Tuesday, June 25, 2013


Before I actually start talking about today’s subject, I have to say that I find the word “snark” really odd looking. It’s like sound you make when you’re blowing your nose.

I…I think weird thoughts sometimes.

Anyway, snark. In particular, snarky characters. In even more particular, snarky teenage protagonists. Although I can’t think of any off hand, I’ve heard this is a common trait for YA main characters and it’s both overdone and uninteresting. This of course ties my insides into a knot because I have a snarky MC.

I can understand why people might be turned off by yet another sarcastic MC, especially in the first person point of view. The thought is that the snarky voice is used so much because it’s an easy way to sound like a teenager when in reality you’re in your thirties and have three children under the age of eight.

But for me, it wasn’t about trying to sound like a teenager. My character’s sarcastic because, as anyone who has read any of my blog posts knows, I’msarcastic. Shades of snark show up in all my characters, especially my main characters, and not just the YA ones either. For me, part of crafting voice is using my own way of talking and thinking, which in my head is ninety percent complaining and making fun of stuff. And if I changed the snark in COLLAPSE, for example, I think it might lose something.

Is that true? I’m not sure, but it definitely merits thinking over. And yes, I’m going to finish with some questions. What do you think of the sarcastic teenage voice? Do any of you have examples of snarky main characters in fiction (YA or not)?


  1. I like the word snark.
    I'm more snarky than any of my characters, although my main character does show it from time to time.

  2. Since I spend my work days with teenagers (some snarky ones, for sure), I know that snarky voice. I kinda like it. Maybe it's like you intimated - I employ sarcasm a lot. I like the voice. I will say, in real life, I use it with discretion. I know it can tumble a kid who is't sure of him/herself.
    As for stories, my favorite books are ones told in the first person. There's something about that voice that strongly appeals to me. She doesn't have a snarky voice (more of a wise but confused 13 year old voice) but the narrator of Tell The Wolves I'm Home (Carol Rifka Brunt) has become one of my favorite teen voices. I don't think the book is YA though.

  3. Being snarky and being sarcastic are not the same thing, although I do realize it is a common misperception. Snarky is what you would call the boss who never has anything positive to say about anyone's work. Most teenagers are not actually snarky except in the third person, so to speak. They will be critical of adults, for instance, when speaking with each other, but, usually, will not direct that at an actual adult. And the ones that do... well... there are perspectives to these things, I'm sure.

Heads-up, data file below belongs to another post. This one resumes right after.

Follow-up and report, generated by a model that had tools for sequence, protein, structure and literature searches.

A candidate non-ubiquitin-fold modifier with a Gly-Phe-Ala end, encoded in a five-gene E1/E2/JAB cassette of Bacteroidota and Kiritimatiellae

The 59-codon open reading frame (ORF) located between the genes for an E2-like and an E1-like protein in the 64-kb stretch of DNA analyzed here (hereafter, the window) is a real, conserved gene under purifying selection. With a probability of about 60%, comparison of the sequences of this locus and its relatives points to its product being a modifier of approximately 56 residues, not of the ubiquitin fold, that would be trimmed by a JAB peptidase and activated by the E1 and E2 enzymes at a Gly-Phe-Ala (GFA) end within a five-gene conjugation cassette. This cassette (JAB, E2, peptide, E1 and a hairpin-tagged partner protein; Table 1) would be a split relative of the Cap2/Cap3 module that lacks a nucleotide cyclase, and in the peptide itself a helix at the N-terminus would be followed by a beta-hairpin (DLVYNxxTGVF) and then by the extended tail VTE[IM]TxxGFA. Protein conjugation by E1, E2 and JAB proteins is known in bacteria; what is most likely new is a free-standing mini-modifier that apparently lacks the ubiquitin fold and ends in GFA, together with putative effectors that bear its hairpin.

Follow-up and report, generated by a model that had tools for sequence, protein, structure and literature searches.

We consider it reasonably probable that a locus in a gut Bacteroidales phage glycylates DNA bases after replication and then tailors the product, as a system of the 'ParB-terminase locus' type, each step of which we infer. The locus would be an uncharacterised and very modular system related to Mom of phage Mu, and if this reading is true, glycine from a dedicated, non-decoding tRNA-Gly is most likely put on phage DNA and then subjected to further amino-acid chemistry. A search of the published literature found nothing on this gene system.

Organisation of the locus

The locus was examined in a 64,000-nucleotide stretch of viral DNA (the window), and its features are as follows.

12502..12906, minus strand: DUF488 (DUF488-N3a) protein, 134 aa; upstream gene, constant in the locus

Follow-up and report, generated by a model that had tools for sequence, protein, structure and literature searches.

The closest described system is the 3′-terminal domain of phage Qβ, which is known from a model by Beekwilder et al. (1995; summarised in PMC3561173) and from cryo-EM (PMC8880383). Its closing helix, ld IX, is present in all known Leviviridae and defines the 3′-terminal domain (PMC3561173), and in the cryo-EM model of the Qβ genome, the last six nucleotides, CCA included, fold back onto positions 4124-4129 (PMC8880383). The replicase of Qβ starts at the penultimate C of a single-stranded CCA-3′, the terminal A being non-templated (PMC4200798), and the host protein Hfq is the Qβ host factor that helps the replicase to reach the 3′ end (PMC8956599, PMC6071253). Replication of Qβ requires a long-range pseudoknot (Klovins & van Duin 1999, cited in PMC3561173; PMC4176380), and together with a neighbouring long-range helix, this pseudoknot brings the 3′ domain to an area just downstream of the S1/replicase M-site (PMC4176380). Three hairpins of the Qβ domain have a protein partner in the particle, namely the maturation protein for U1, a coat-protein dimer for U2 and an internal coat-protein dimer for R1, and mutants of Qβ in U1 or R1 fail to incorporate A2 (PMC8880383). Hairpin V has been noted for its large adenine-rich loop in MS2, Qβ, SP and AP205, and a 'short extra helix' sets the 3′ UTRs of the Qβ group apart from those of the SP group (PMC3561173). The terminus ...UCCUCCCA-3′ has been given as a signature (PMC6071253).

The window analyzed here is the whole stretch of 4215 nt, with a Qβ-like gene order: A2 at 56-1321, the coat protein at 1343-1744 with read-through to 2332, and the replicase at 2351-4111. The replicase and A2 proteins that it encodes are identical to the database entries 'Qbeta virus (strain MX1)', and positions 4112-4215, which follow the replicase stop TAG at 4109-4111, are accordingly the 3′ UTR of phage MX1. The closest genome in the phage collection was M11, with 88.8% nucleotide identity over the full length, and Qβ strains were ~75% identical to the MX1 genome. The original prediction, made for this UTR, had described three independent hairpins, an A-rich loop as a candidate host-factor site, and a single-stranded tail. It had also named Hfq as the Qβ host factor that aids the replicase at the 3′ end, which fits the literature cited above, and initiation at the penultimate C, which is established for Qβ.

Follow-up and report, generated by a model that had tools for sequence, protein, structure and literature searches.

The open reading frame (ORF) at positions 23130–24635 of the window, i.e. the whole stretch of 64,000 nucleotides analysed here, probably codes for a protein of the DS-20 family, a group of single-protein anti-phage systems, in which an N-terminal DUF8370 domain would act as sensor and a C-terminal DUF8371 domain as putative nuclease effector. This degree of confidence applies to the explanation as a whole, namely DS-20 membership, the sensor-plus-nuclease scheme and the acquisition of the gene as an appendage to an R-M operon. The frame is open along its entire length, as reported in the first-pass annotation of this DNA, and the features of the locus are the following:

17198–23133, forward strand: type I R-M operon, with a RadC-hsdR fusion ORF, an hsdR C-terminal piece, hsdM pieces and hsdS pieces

I can't think of a single book I've read with that kind of character in it, at any rate, and the stuff that most people call "snarky" usually isn't.

    1. Agreed. Snarky and sarcastic are definitely different. Snarky has a touch of arrogance - or perhaps maybe a truck load of arrogance.

  4. Paranormalcy had a snarky voice and probably began the trend, or at least was at the beginning of the trend.

    A snarky voice is fine as long as it's done carefully, with a certain sensitivity, if that makes sense. ie, the character still has to be likeable. It can't be snarky for snarky sake either. It has to match the character. Not easy to pull off, but from the sound of it, you're going about it the right way.

  5. Sounds like you're at the self-doubt stage of editing. This is the time when you find all the things out in the world that seem to be exactly like your book. You feel trite. You feel like a hack. Everything feels wrong.


    Your character is snarky for a reason. You chose to write the book this way for a reason. Now that this is done, you no longer have that voice (that muse) leading the way, telling you you're doing it right. Now you're left to your own self talk, and self talk can be damaging.

    It's good. You know it's good. Trust your writing self. The evil self doubt voice will go away when you stop giving it power.

  6. I don't mind snark. I believe it makes for interesting characters and situations. I do believe those characters should show their softer side and go through changes like anyone else.

  7. I like snark. I like sarcasm. I like characters who are both. And I like your main character.

  8. I'm snarky and sarcastic, and of course that transfers over to my characters.

    I think being snarky was one of the reasons my idiot ex brother in law disliked me so much.


Please validate me.